Romney after Iowa
The official Iowa caucus
results : Mitt Romney wins with 30,015 votes ahead of Rick Santorum with
Added on January 19, 2012
According to an official recount
published today, Santorum won Iowa with 34 votes ahead of Romney. Since 8
precincts could not be recounted, because the results were not available for
certification, the recount remains incomplete.
Romney wins in New Hampshire and
Why President Obama has failed (both
articles added on
January 11, 2012.
Added on January 5, 2012
After her defeat, ending sixth in
Iowa, Michele Bachmann has dropped out of the Republican presidential race.
After the Iowa caucuses, Senator John McCain of Arizona has joined the ranks
of GOP heavyweights such as Governor Chris Christie of New Jersey (on
October 11) endorsing Mitt Romney.
Added on January 4, 2012 at 10:19 Swiss time
Former Utah governor Jon
Huntsman did not officially run in Iowa. He simply conceded the state.
Together with Mitt Romney, Huntsman is the other reasonable centrist in the
Romney after Iowa
Article added on January 4, 2012 at 09:58 Swiss time
Every four years, Iowa tops the headlines for a
few days. In 2012, it's because the Republicans are looking for their
presidential candidate in caucuses organized around the small rural state,
which normally has an atypical high number of evangelical and conservative
voters heading to the caucuses.
In the first 2012 Republican presidential election of January 3, with all
precincts counted, Mitt
Romney has won in a photo finish. Iowa GOP Chairman Matt Straw reported the
official results: 30,015 votes for Mitt Romney. 30,007 votes for Rick
Santorum. Each candidate won some 25%. The Libertarian Ron Paul finished
third with 22%. Former House Speaker Newt Gingrich is fourth with 13%. Rick
Perry fifth with 10%. Michele Bachmann sixth with 5%. Former Utah Governor
Jon Huntsman finished last [added at 10:19:
Jon Huntsman did not run in Iowa].
For the 2012 presidential election, a large range of loons are among the GOP
candidates. People totally unfit for the highest office. In short, the
Republican right wing base has unsuccessfully been in search of an
anti-Romney. For the moment, their last man standing is Rick Santorum. It
remains a mystery how an important fraction of the GOP wants to beat Obama
with someone who has lost his Senate seat in 2006, who has never held
executive office, who advocates the teaching of intelligent design and who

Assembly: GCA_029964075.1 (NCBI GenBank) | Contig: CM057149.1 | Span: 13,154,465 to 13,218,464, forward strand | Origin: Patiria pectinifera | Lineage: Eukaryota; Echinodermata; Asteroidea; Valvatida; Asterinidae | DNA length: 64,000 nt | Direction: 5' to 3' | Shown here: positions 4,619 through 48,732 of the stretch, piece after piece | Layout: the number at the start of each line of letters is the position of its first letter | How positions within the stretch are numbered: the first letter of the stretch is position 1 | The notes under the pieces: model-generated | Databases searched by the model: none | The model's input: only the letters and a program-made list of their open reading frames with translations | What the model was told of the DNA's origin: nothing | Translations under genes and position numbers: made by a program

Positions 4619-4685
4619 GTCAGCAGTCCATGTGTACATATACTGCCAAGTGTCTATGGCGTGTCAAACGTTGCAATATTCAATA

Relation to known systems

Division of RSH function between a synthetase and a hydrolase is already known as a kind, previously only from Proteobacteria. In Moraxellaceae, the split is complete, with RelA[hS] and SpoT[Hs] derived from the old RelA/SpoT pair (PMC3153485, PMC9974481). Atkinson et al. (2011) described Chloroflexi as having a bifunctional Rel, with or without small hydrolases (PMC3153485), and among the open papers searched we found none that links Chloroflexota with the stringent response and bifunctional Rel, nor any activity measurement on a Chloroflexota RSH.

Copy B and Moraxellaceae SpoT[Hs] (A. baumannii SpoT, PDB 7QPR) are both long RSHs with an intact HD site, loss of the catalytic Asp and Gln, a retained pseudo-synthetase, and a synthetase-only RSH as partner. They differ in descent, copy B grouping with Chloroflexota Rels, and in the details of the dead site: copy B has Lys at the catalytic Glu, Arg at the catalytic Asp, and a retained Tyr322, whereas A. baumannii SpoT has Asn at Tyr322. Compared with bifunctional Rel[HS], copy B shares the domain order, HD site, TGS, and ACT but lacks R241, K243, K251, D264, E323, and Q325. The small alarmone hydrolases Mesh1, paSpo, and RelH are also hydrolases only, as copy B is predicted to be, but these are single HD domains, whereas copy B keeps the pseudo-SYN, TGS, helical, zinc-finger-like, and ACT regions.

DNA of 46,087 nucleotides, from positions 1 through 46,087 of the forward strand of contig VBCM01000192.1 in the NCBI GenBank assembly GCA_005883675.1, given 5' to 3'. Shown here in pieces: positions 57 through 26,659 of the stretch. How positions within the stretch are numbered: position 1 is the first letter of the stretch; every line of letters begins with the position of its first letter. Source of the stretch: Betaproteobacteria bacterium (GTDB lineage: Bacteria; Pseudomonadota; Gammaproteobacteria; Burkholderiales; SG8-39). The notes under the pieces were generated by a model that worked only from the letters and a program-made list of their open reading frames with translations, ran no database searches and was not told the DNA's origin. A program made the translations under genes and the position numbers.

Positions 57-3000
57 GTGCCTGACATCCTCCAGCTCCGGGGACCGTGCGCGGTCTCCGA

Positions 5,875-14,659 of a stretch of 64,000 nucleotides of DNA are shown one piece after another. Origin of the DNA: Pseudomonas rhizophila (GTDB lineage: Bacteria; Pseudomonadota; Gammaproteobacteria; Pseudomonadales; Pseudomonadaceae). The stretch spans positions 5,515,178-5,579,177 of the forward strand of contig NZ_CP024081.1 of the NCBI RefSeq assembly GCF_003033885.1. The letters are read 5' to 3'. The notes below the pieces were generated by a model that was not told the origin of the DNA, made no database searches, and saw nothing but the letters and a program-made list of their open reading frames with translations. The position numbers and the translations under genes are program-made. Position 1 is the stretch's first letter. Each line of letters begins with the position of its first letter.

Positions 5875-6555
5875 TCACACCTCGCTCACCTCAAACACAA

opposes contraception (Santorum:
“It's not OK because it's a license to do things in a sexual realm that is
counter to how things are supposed to be” (Peter Wehner in Commentary).
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Ron Paul deserves credit for sticking to his positions. He has some good
points, for instance criticizing the policy of the weak dollar and pointing
out to unsustainable foreign and military policies. His remedies however are
extreme. To bring back all US troops would create a power of vacuum that
would destabilize the world and that would be filled by powers such as
China. Furthermore, like Rick Santorum, Ron Paul has no executive
Luckily, the candidacy of the man looking like Mitt Romney's strongest
potential rival, has imploded before the Iowa caucuses: Rick Perry. The
governor from Texas brings in executive experience but, as it turned out in
the debates, has no clue about foreign policy and cannot count to three. The
Republican voters seem to be wise to realize that Rick Perry is no credible
presidential candidate, much like Michelle Bachmann and Newt Gingrich.
The Messiah in the White House has turned out to be a social-democrat with
no clue about the economy; in short, someone who needs to be replaced
urgently. But to choose a dangerous amateur instead is not a convincing
option either. The world cannot live with another dilettante occupying the
It all comes down to Mitt Romney. He is not the new savior. He has
repeatedly shifted positions. In the last presidential race, he wanted to
double Guantanamo (Obama has not managed to close it!). But Romney is a
leader, a centrist and he understands the economy. He has executive
experience. He has successfully run a business, the
Olympic Games and Massachusetts as a governor. In the current economic and
financial crisis, Mitt Romney seems to be the best available candidate on
New Hampshire (January 10), South Carolina (January 21) and, above all, Florida
(January 31), will clarify the situation in the GOP field much further. By
then, Mitt Romney may already emerge as the clear frontrunner.
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